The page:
Something is rotten in Fontainebleau, and it isn't the cheese. There, a business professor and entrepreneur named Philip M. Parker INSEAD Chair Professor of Management Science at INSEAD, is creating a publishing empire of sorts, a very odd publishing empire. He claims to have published over 200,000 titles.

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Spitzer's e-mail

Yesterday's NYT had a piece on Eliot Spitzer's e-mail while governor of New York: "Governor's Angry Moods Pour Forth in E-Mails", by Jeremy W. Peters (p. A17):

On e-mail he was "Laurence," [his middle name] a sloppy typist who often dashed off messages in fits, riddling them with typos, misspellings and terse abbreviations.

A sample of his on-line style, as printed in the Times:

"Why has the state pty not out out a full list if bruno fundraising and 1199 support for him etc as a way to respond to the fundraising bs?"

(The reference was to a Spitzer campaign to tarnish the reputation of Joseph L. Bruno, then the State Senate majority leader, in retaliation for attacks on Spitzer by Bruno.)

A few comments on his e-mail style…

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The happiness gap returns

Some more sociological platonism: Tamsin Osborne ("Are men happier than women?", New Scientist, 7/25/2008) explains that "I've just received the rather troubling news that I am doomed to be unhappy in later life". This turns out to mean that she will have a (very) slightly less than even chance of being in the happiest half of a gender-balanced sample of Americans older than 50 or so — and her way of expressing this is a typical (and thus interesting) example of the journalistic (and perhaps scientific?) tendency to turn small group differences into essential group characteristics.

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Correcting misinformation

I'm something of a fan of books that correct misinformation — about facts in general, about famous quotations, about medical matters, and so on. Among my latest acquisitions is John Lloyd and John Mitchinson's The Book of General Ignorance: Everything You Think You Know Is Wrong (2006) (with a foreword by Stephen Fry — yes, THAT Stephen Fry), a compendium of 230 misperceptions originally collected for the BBC panel game QI (Quite Interesting). As far as I can tell, it's pretty good (see some reservations below), but it has one serious defect: very few sources or references are given for the claims in the book. Lloyd and Mitchinson mostly just tell us what's so, and there's no way for us to check up on what they say. They do a good job on the Eskimo words for snow (p. 120), but how is the reader to know that what they claim (against "common knowledge") is right?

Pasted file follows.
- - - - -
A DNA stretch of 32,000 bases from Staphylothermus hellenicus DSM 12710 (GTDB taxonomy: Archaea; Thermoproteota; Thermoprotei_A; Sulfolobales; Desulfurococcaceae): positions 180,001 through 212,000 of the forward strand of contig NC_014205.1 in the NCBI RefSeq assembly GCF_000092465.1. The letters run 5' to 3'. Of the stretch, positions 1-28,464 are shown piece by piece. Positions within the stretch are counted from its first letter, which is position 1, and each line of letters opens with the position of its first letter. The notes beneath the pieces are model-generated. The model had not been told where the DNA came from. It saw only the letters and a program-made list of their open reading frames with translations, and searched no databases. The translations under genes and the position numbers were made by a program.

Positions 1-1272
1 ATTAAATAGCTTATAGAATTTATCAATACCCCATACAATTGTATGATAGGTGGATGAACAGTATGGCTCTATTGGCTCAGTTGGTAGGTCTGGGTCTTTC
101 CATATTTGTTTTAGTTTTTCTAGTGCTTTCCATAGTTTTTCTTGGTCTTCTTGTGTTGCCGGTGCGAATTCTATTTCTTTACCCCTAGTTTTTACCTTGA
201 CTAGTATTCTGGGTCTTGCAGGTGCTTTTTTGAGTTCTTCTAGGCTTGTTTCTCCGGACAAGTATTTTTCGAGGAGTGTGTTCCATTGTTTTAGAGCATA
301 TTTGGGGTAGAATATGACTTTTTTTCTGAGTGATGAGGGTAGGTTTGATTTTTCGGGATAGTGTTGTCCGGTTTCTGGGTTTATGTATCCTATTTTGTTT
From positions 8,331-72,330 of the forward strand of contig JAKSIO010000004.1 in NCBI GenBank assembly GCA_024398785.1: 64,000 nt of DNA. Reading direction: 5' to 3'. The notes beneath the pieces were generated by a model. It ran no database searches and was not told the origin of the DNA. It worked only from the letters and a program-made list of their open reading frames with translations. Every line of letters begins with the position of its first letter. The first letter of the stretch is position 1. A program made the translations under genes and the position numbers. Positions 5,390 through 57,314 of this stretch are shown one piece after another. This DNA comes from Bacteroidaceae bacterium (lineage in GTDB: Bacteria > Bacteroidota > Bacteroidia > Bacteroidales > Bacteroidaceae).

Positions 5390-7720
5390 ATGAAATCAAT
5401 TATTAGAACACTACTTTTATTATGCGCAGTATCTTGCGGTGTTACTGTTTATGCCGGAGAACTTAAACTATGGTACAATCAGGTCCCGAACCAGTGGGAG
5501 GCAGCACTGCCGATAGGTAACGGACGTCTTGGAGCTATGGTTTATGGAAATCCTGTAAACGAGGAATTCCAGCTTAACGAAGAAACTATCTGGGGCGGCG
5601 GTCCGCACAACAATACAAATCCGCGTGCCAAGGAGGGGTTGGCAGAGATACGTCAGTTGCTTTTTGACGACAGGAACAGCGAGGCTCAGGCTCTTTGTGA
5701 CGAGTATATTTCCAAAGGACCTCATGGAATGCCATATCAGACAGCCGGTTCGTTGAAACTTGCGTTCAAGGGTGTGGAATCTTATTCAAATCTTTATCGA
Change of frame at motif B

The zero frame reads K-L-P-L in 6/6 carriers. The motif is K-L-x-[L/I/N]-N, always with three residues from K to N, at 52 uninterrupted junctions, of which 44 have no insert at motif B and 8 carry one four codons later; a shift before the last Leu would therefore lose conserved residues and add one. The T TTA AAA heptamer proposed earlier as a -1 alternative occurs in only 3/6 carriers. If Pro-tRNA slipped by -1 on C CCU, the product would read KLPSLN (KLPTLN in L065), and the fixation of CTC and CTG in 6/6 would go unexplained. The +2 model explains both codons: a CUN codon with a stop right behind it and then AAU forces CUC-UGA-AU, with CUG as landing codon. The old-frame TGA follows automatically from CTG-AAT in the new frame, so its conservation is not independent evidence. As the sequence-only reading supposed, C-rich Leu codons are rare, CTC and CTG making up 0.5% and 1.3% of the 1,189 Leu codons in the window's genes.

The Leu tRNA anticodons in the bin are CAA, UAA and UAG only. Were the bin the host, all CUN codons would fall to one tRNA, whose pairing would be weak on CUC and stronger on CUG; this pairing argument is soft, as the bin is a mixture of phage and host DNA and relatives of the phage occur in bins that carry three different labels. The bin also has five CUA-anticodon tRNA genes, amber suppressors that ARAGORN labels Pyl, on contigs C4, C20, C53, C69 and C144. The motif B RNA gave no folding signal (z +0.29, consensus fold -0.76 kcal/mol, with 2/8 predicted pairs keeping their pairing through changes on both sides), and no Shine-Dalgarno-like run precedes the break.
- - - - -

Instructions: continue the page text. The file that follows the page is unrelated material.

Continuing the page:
I've complained about such lack of scholarship at the low end of the literature on word and phrase origins, in particular Albert Jack's appalling Red Herrings and White Elephants (which I trashed here). But it's startling to see it in a book that purports to be authoritative.  And other recent misinformation-correcting books do considerably better: see Anahad O'Connor's Never Shower in a Thunderstorm ("surprising facts and misleading myths about our health and the world we live in") from 2007 and Nancy L. Snyderman's Medical Myths That Can Kill You ("and the 101 truths that will save, extend and improve your life"), published this year.

Now I'll turn to the coverage of language-related questions in The Book of General Ignorance.

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To serve is to rule

Today's Dilbert:


Yet another variation on the 1951 Damon Knight theme.

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Pop platonism and unrepresentative samples

A few days ago, Arnold Zwicky expressed some annoyance at the New Scientist's cover story of July 19 ("Sex on the Brain", 7/22/2008). Arnold couldn't stand "to reflect on yet another chapter in this story", and I'm not especially enthusiastic about this either, especially because as far as I can tell, the New Scientist's story lacks any news hook. But this case raises a couple of points about the rhetoric of science journalism (and sexual science) that are worth making yet again, even though they've been made many times before.

Hannah Hoag's story appears under a headline that's really strange, if you think about it for a minute: "Brains apart: The real difference between the sexes". The implication is that all that stuff about genitals and the uterus, breasts and facial hair and larynx and so on, are fake or at least superficial differences — the "real difference" is in the brain. Furthermore, if the neurological differences are so much realer than all those differences in other body parts, then male and female brains must be really different, right?

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Commercial categories

An e-mail ad from (purveyors of goods to the gay community) appeared on my screen a few days ago. Well, the top part, offering 20% off on PERSONAL PLEASURES, appeared there. 

So: an ad for a photo book? A DVD? A music CD? Gay fiction? An advice book on gay sex? All of these were possible, and more (but not everything; 10 Per Cent doesn't offer escort services or massage, for instance). But it turned out to be an ad for a category of products roughly characterizable as '(gay) sex accessories'.